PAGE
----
The Daughters of Charity of Saint Vincent de Paul, in Recife, northeastern Brazil, are involved in various social, health and education activities. Faithful to their charism and driven by Pope Francis’ invitation to go to the margins of society, they felt the desire to move beyond their everyday work in order to respond to the needs of their homeless brothers and sisters. The vulnerability of people without homes and food insecurity are growing problems in Brazil that were exacerbated by the Covid-19 pandemic, in 2020 and 2021.
The Micro da Caridade project arose from the social action of distributing daily meals to the homeless and making rounds in the city of Recife. There was a clear need to offer essential hygienic services, such as restrooms, clean clothes and basic health care, which were inaccessible luxuries to them. Thanks to international funding, a minibus with showers, an infirmary and a barbershop was set up. The initiative is geared towards some 60 homeless people, and provides restrooms, clean clothes, personal hygiene products, medicine and meals, in accordance with the Christian principle of personalized assistance. The project relies on the participation of volunteers from different sectors, including drivers, hairstylists/barbers, nurses, doctors and support staff. These volunteers donate their time and skills once a week, offering guidance on aid centres, like the Fazenda da Esperança, and helping reorganize personal documents.
As Daughters of Charity, we proclaim God’s merciful love through our service, following Saint Vincent de Paul’s example. We collaborate with other branches of the Vincentian Family to promote charity, mobilizing people of good will and organizing a network of services and assistance for the poor. The project is transformative and seeks to foster good health and well-being, aligning itself with the third sustainable development objective. The beneficiaries of Micro da Caridade report feeling welcome and that they are treated like human beings. There has been a weekly rise in the number of people who receive assistance, thanks to its being diffused through word of mouth. Our service must be disinterested, allowing God to work in us through all the people we meet. We must work creatively with others and be courageous, committed, flexible and open to collaboration. As Daughters of Charity we are called to help our homeless brothers and sisters, including children, young people, adults and the elderly, who face other forms of poverty, like loneliness, abandonment and invisibility. We must seek out and find those who are forgotten, and offer them practical help, remaining faithful to our Founders who answered the call to serve Christ in the Poor.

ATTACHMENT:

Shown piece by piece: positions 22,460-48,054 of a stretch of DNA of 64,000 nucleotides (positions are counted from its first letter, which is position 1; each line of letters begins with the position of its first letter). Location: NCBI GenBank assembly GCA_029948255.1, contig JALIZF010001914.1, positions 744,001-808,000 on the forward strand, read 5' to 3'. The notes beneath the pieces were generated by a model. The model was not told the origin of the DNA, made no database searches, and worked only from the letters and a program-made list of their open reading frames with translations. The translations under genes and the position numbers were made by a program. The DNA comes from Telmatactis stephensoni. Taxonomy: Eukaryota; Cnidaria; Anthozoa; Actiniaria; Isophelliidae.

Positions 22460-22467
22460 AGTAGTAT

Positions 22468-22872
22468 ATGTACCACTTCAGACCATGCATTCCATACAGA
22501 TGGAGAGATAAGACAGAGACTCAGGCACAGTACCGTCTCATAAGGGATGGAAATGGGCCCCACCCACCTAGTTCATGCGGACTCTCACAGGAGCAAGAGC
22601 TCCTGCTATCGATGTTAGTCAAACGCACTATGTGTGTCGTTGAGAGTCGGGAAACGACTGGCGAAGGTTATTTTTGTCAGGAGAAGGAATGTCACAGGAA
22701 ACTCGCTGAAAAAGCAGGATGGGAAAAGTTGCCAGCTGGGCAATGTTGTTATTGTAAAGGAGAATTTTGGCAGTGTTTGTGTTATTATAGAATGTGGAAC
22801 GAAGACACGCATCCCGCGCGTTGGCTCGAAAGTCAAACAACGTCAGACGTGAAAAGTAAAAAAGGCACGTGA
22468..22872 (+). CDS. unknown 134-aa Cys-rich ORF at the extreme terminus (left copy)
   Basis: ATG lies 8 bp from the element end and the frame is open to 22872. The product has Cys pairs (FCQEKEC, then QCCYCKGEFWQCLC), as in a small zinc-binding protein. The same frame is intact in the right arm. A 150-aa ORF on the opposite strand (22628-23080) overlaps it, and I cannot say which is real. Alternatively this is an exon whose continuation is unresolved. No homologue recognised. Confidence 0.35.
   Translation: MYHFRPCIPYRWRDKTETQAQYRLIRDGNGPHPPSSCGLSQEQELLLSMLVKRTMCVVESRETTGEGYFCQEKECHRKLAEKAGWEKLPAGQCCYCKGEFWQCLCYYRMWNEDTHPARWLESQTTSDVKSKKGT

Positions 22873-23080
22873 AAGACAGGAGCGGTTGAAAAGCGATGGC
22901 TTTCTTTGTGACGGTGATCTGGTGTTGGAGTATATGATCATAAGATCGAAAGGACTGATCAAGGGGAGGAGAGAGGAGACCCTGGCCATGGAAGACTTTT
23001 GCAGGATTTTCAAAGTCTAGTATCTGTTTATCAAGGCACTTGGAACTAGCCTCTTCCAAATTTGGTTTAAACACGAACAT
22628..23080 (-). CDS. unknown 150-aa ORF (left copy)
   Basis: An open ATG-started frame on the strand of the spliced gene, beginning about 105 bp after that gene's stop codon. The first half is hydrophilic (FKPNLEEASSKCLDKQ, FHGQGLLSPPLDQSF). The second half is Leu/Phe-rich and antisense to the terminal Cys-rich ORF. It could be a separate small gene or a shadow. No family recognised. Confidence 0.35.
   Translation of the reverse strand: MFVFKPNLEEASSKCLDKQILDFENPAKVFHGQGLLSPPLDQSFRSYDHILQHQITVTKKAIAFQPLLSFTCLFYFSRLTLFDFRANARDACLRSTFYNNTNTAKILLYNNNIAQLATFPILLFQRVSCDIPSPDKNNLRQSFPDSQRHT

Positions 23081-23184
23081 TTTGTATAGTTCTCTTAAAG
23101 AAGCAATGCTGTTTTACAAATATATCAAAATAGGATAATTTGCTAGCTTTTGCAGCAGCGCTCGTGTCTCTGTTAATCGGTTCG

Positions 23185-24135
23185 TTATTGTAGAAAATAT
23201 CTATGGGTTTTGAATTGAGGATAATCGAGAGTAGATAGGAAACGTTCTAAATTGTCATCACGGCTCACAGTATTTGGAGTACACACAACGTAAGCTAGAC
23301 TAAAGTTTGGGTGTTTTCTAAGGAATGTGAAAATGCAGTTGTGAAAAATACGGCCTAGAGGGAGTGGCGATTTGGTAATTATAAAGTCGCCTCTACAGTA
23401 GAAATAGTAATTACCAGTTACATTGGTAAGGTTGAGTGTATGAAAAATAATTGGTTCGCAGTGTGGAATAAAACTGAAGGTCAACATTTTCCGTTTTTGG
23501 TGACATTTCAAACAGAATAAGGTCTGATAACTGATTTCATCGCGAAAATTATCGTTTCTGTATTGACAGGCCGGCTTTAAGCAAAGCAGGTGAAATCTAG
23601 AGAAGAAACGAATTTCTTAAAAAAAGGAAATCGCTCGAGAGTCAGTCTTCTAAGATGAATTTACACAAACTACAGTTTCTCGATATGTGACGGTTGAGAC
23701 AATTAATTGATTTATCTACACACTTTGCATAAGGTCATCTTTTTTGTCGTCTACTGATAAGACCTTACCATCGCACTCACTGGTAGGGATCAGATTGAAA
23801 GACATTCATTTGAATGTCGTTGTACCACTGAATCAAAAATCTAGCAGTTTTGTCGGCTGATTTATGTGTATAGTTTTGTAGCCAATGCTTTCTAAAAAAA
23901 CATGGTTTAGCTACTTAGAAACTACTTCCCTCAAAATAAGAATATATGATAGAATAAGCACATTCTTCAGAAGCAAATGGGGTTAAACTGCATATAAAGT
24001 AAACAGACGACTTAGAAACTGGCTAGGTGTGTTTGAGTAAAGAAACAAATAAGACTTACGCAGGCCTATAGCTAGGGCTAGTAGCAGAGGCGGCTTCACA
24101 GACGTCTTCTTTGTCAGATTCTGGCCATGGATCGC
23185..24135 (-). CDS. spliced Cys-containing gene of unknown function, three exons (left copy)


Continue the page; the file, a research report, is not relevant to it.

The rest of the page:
Throughout 2023, the Company of the Daughters of Charity of Saint Vincent de Paul, present in 97 countries, commemorated 400 years since its foundress, Louise de Marillac, was first inspired to establish the Community. On 4 June 1623, the day of Pentecost, Saint Louise de Marillac went to the Church of Saint Nicolas des Champs, in Paris, to pray and participate in Mass. She was worried about her future as a wife and mother, and she had doubts about the faith. That day, she received inspiration, known as the “Lumière,” regarding the foundation of the Community. Louise received clarity regarding the need to stay with her husband, and the need to take vows of poverty, chastity and obedience in a small community dedicated to serving others. However, given the numerous commitments she had, she did not know how to do this.
Saint Louise de Marillac realized that she would be able to live in a community at the service of her brothers and sisters, accepting Vincent de Paul as her spiritual director. Ten years later, in 1633, they founded the Company of the Daughters of Charity together. Dedicated to the poor, the sick and abandoned children, the Company spread to Paris and other areas. Today, the spirit of Pentecost continues to guide the Daughters of Charity in projects like Micro da Caridade in Brazil.
A. Oliveira, P. Almeida
and M. E. Alves